But enrollment in MLTCs grew at a faster pace than the state was ready for, with 256,000 enrolled as of December 2019, up from 71,000 in December 2012. Late last year MLTCs, and CDPAP program specifically, were identified as the biggest cost-driver by the Cuomo administration in a $4 billion Medicaid overrun.
The nature of that cost overrun has sparked debate, however. The $4 billion represents spending that exceeded a mandatory cap on the state’s Medicaid growth, called the Medicaid Global Cap, created by the same Cuomo-appointed taskforce in 2011. Because the state’s Medicaid spending has exceeded that self-imposed growth rate, the state is now statutorily required to cut the program’s costs.
Alternately, the legislature could revise or repeal the Medicaid Global Cap, which was designed nearly a decade ago when the Affordable Care Act was still new and the state’s aging population had not yet begun to surge. It could then bring in any additional revenue needed to balance the budget by raising taxes, although the governor has rejected this approach.
Instead, he’s moved forward with stricter requirements created by a reconvened Medicaid Redesign team, including higher thresholds for daily care, new scrutiny of people who need care in excess of 12 hours, and caps on Managed Long Term Care growth.
Drivers of growth
In addition to a dispute over the cure (whether to cut the budget or lift the cap), there is also debate over the nature of the disease—in other words, over what has been driving the growth in CDPAP, with the Cuomo administration taking the stance that it is “inefficiency,” waste and fraud. For this reason, Cuomo announced in a January 21 executive budget speech that he’d be convening a new Medicaid Redesign Team, dubbed MRT II, to cut costs. A slide from his powerpoint displayed a shot from the 2012 film Marvel’s Avengers, along with a caption reading, “and they will be assisted by able crusaders,” when he made this announcement. The panel proposed different ways to cut enrollees, including increased scrutiny of who is eligible as well as tightened requirements.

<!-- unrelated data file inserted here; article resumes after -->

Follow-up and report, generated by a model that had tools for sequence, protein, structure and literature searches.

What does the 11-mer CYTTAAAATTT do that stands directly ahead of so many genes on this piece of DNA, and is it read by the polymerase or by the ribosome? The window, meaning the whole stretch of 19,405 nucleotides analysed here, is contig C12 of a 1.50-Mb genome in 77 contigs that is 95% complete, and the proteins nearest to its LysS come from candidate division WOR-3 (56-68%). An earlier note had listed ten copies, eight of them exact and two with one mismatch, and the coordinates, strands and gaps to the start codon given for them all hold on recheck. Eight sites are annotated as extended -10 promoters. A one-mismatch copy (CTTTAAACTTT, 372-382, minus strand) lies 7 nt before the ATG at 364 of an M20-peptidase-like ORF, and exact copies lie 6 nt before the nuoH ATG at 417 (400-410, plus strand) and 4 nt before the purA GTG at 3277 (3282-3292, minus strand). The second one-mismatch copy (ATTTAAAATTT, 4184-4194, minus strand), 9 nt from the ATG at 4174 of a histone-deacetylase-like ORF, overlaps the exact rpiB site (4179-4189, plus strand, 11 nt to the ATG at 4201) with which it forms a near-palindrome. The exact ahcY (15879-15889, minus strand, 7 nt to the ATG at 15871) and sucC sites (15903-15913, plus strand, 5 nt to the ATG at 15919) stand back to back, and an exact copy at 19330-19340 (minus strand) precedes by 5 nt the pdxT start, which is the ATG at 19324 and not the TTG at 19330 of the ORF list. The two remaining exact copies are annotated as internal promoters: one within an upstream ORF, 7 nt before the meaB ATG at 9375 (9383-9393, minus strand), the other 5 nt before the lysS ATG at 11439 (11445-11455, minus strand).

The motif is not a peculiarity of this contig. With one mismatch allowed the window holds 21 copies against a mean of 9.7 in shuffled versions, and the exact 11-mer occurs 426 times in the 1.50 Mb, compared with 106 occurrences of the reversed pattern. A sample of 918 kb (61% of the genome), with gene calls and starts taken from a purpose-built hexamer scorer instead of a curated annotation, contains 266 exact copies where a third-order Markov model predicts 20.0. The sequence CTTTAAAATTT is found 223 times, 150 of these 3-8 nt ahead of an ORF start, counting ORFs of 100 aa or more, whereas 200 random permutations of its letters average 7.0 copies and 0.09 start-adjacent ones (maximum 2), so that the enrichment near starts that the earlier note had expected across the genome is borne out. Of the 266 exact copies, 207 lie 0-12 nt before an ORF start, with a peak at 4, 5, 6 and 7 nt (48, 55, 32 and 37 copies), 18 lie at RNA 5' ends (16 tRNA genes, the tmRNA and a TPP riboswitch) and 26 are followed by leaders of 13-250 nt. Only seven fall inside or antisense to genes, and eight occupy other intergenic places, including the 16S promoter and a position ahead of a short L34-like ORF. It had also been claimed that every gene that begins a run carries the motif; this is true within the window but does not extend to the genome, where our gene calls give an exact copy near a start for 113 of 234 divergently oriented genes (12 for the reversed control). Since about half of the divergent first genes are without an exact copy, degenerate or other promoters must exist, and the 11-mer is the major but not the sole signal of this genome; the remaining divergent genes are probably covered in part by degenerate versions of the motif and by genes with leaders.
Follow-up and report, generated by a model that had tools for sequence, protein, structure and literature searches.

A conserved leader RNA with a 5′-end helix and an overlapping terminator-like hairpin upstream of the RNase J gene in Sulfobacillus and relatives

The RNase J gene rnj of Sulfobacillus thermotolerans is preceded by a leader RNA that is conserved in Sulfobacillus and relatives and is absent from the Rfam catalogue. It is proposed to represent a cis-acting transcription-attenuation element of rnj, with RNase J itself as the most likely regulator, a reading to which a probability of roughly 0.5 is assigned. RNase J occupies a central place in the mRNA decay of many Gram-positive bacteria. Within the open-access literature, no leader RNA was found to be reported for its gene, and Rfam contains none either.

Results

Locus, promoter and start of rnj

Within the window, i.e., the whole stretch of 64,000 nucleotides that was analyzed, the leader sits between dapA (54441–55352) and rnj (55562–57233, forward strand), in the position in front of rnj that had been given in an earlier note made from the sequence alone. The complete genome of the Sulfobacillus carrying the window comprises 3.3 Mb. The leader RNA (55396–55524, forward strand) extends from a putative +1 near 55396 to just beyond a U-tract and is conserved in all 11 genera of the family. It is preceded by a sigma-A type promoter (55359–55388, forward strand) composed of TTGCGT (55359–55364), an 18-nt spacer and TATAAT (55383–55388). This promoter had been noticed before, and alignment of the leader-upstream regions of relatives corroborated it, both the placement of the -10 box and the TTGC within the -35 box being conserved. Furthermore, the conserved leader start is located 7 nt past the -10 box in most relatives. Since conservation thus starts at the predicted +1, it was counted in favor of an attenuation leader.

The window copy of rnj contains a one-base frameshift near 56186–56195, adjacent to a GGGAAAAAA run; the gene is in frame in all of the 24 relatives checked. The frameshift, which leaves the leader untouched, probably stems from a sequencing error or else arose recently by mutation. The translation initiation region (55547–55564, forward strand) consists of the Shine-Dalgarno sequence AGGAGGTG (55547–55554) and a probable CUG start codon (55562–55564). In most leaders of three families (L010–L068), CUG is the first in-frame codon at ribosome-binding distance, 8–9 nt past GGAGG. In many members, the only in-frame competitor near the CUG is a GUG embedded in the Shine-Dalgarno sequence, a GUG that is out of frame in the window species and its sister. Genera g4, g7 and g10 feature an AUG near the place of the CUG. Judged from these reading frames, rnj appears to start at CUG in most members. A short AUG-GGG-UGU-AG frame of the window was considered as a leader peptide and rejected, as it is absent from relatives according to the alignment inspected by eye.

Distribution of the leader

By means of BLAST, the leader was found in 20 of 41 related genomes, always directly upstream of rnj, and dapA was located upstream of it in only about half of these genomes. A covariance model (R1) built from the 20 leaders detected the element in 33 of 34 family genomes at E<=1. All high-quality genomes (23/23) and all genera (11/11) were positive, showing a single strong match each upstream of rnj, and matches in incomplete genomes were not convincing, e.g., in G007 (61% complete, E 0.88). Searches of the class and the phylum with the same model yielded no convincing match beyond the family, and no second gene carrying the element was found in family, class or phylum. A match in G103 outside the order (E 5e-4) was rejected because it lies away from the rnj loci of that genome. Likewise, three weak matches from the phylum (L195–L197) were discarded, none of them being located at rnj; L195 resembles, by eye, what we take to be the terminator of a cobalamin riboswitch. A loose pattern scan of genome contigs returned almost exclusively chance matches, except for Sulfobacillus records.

But advocates believe that the growth of CDPAP is a result of the state’s aging population, Medicaid expansion under Obamacare, and a home-health aide shortage that left people with few other options. According to the Home Care Association of New York State, 17 percent of home-health aide jobs across the state are unfilled, and 24 percent of people who need a home health aide have trouble finding one. That shortage of home health aides is most pronounced in the upstate region, leaving people there especially to rely on CDPAP for care.